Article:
CoS yielded notable enhancement of AR frequencies, quantified as a CoS factor—the ratio of AR frequencies with and without selection (Figure 2A). Consistent with our hypothesis, we observed that CoS enhanced AR frequencies especially at sites within ~500kb of the selected CoS markers on the same replichore. (We note that the rightmost data point in Figure 2A appears to show a strong cat CoS enhancement at a much greater distance. However, one of the two unselected AR frequencies was quite high at this locus, a potential outlier giving rise to the large error bar.) Moreover, greater enhancements were observed at sites in phase with the direction of the replication fork, i.e. ‘downstream’ of the CoS markers (farther from the origin of replication).
To further investigate these proximity effects, we assessed the effect of CoS with multiplex MAGE experiments using 24 target sites flanked by two CoS markers. These sites spanned a 320kb region in the same replichore of the chromosome, flanked by inactivated CoS markers (cat- and tolC-). We characterized the AR frequencies at multiple sites, with and without CoS. Figure 2B shows AR frequencies for one representative site (pphB) within 5kb of the cat- marker and more than 300kb from the tolC- marker. CoS for conversion of the (cat-) marker proximal to pphB produced a greater enhancement than CoS for conversion of the (tolC-) marker distal to pphB. CoS for both flanking markers produced the greatest enhancement. These effects are observed for both singleplex conditions (one site modified, i.e. using one oligo plus CoS oligos) but are greatest under highly multiplexed conditions (up to 24 distinct oligos plus CoS oligos, see also Supplementary Figure S1 and Supplementary Table S3).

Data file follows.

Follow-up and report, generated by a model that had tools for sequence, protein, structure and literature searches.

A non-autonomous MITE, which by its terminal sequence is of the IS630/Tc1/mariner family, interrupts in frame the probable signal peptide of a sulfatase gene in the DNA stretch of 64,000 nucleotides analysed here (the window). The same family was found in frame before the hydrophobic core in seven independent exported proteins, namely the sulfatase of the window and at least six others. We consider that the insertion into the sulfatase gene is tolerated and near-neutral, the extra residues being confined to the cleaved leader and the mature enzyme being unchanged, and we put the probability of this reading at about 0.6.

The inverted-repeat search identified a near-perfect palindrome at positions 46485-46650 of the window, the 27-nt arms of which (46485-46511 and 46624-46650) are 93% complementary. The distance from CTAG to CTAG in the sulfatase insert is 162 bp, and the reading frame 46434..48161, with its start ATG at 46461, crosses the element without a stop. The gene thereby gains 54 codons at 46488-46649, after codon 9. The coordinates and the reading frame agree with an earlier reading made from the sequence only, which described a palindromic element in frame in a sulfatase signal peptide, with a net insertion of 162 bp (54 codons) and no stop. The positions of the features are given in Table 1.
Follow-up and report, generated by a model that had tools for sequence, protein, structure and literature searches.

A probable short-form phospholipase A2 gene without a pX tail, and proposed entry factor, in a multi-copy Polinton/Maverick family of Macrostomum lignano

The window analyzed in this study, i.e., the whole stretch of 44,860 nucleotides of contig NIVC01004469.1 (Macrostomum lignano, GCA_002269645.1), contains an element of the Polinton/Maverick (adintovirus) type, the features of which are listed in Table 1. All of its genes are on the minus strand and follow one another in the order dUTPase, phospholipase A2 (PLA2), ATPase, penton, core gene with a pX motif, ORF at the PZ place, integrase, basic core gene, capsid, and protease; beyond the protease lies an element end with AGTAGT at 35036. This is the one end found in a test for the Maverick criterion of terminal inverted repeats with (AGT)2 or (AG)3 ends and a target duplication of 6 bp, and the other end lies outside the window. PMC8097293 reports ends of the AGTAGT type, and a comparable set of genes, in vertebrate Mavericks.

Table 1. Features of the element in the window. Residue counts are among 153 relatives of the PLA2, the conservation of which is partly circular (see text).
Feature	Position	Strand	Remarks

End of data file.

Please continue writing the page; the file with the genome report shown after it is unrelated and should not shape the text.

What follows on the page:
To explore the extent to which CoS can enhance multiplexed genome engineering in greater detail, we quantified the AR frequencies for 37 sites throughout the chromosome. These sites were divided into four subsets (A–D, Supplementary Table S2) in varying positions relative to two CoS markers, cat- and kan-, located on opposite replichores (Figure 3A). In Replichore 1, Group A sites are clustered in close proximity to the kan- marker, and Group B sites are more dispersed. In Replichore 2, Group C sites are clustered in close proximity to the cat- marker, and Group D sites are more dispersed. AR frequencies for these targets were evaluated in up to 10-plex MASC-PCR reactions (Supplementary Methods). This allowed us to both measure AR frequencies at individual sites (Figure 3B) and to assess the distributions of modifications in the resulting clones (Figure 3C). The frequencies of AR across the 37 target sites were measured by screening up to 48 isolated clones under each CoS condition (none, kanamycin, chloramphenicol or both). The average AR frequencies for these experiments are given in Supplementary Table S1. When cells were not co-selected for restoration of either kan- or cat- marker, the AR frequency in the multiplexed reaction was low, averaging 3.7% per site. Targets in close proximity to the co-selected markers on the same replichore (Group A/kan and Group C/cat, <56kb) showed the greatest frequency improvements under CoS—giving average CoS factors from 3.3- to 5.5-fold. In contrast, CoS at the opposite replichore (Group A/cat and Group C/kan, >1.4Mb) yielded a modest improvement—CoS factors of 1.3- to 1.6-fold. When frequencies are plotted against the distance to the nearest CoS markers on the same replichore (Figure 3B), we find the greatest improvements clustering near these markers.